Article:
“Damn. The day ain’t hardly begun and it’s already time to go back to bed.”
Swamp Rabbit was bemoaning the arrival of the winter solstice, the shortest day of the year, when the Northern Hemisphere tilts farthest from the sun.
“You’re suffering from seasonal affective disorder,” I said. “Get yourself some lunch and snap out of it.”
And that’s what he did. He went back to his shack, downed a few shots of bourbon, and said he was ready to make himself useful. But then he started reminiscing about the 2019 winter solstice, before the plague hit and we lost our day jobs, and just like that he was seasonally disordered again.
“I miss them good old days,” he said. “When I didn’t have to shoplift from the Superfridge to have a good meal. When Trump was about to be impeached and it looked like the country might not go down the tubes.”
“Enough of that,” I said. “We suffered through the annus horribilis and hit rock bottom, but each day from now on will be longer than the day before.”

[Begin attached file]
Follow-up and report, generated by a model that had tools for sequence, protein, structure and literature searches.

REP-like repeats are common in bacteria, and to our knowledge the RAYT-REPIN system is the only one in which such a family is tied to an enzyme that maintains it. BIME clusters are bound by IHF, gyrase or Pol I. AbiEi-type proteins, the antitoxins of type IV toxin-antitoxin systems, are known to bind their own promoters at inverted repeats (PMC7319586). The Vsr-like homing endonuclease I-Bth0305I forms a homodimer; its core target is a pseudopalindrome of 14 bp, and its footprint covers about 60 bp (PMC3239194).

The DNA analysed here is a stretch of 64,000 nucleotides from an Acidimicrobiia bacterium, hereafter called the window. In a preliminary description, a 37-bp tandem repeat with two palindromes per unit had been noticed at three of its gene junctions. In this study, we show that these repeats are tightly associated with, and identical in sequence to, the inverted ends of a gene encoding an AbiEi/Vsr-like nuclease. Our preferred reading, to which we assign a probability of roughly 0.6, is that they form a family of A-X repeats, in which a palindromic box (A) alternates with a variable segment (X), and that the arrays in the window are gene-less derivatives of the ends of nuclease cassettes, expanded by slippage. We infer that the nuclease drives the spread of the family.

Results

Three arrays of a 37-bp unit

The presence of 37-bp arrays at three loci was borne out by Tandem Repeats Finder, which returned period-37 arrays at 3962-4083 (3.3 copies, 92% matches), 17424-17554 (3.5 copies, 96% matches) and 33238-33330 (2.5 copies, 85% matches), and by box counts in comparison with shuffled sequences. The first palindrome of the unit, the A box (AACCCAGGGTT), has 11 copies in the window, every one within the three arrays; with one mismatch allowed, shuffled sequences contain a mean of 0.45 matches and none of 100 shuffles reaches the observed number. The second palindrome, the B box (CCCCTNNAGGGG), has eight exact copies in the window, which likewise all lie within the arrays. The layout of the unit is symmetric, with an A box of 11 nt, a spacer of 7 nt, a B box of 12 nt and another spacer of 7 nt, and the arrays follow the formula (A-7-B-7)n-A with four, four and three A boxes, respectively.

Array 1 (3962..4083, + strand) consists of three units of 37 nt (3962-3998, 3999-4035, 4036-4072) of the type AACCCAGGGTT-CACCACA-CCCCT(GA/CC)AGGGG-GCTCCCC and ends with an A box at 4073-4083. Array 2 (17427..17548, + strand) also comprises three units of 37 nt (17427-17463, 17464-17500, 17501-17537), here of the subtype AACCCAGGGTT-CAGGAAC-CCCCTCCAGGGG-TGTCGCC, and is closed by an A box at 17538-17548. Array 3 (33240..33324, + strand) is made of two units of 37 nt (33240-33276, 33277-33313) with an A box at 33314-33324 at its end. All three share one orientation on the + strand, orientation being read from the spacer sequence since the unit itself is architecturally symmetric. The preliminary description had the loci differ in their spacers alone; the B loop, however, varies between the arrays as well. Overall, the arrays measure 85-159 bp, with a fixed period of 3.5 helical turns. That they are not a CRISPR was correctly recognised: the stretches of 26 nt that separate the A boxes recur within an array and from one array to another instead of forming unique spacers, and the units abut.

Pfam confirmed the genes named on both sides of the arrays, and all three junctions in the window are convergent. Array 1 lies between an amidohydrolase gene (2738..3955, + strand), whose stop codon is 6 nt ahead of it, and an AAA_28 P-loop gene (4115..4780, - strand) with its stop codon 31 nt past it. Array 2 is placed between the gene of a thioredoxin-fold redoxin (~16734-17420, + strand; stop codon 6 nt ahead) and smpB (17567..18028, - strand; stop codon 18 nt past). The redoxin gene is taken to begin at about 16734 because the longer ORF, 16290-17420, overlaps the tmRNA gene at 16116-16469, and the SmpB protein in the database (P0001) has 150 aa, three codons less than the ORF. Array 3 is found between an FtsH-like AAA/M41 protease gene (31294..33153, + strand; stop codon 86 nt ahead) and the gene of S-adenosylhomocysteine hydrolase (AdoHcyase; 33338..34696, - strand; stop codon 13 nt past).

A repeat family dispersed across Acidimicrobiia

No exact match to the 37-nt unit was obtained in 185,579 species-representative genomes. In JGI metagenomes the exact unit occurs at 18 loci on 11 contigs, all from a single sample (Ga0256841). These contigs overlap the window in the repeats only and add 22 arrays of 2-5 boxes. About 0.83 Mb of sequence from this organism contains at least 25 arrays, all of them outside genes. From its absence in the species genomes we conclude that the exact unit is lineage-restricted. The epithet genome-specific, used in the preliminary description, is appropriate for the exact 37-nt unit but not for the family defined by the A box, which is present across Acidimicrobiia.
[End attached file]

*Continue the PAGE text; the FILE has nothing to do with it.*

He wasn’t convinced. The sun clung to the horizon and rarely showed its face. The swamp frogs hibernated. The swamp cats slept under an old blanket all day.
“That’s why Christmas takes place near the solstice,” I said. “Just like Saturnalia, when the pagan Romans exchanged gifts. Those pesky Christians knew they had to get the people on their side, so they launched a clever rebranding campaign and replaced the one holiday with the other, and here we are.”
“Where are we?” Swamp Rabbit said. “The plague is worse than ever. The Grinch is stealing Christmas. The Hog Monster just pardoned all them murderers and white-collar crooks.”
But this was a few days ago. I think Swamp Rabbit, on Christmas Day, finally understands that the purpose of the holiday — of religions — is to celebrate the gradual return of the light.
“Look, you even got a Christmas card,” I said this morning, handing him a piece of mail that had come to my shack by accident.
He opened the envelope. It was a card from his ex-wife with a hand-written message inside: “Better Christmas alone than Christmas with a creep.”
He looked downcast, so I slapped him on the back. “Look on the bright side,” I said. “At least she remembered you on the holiday.”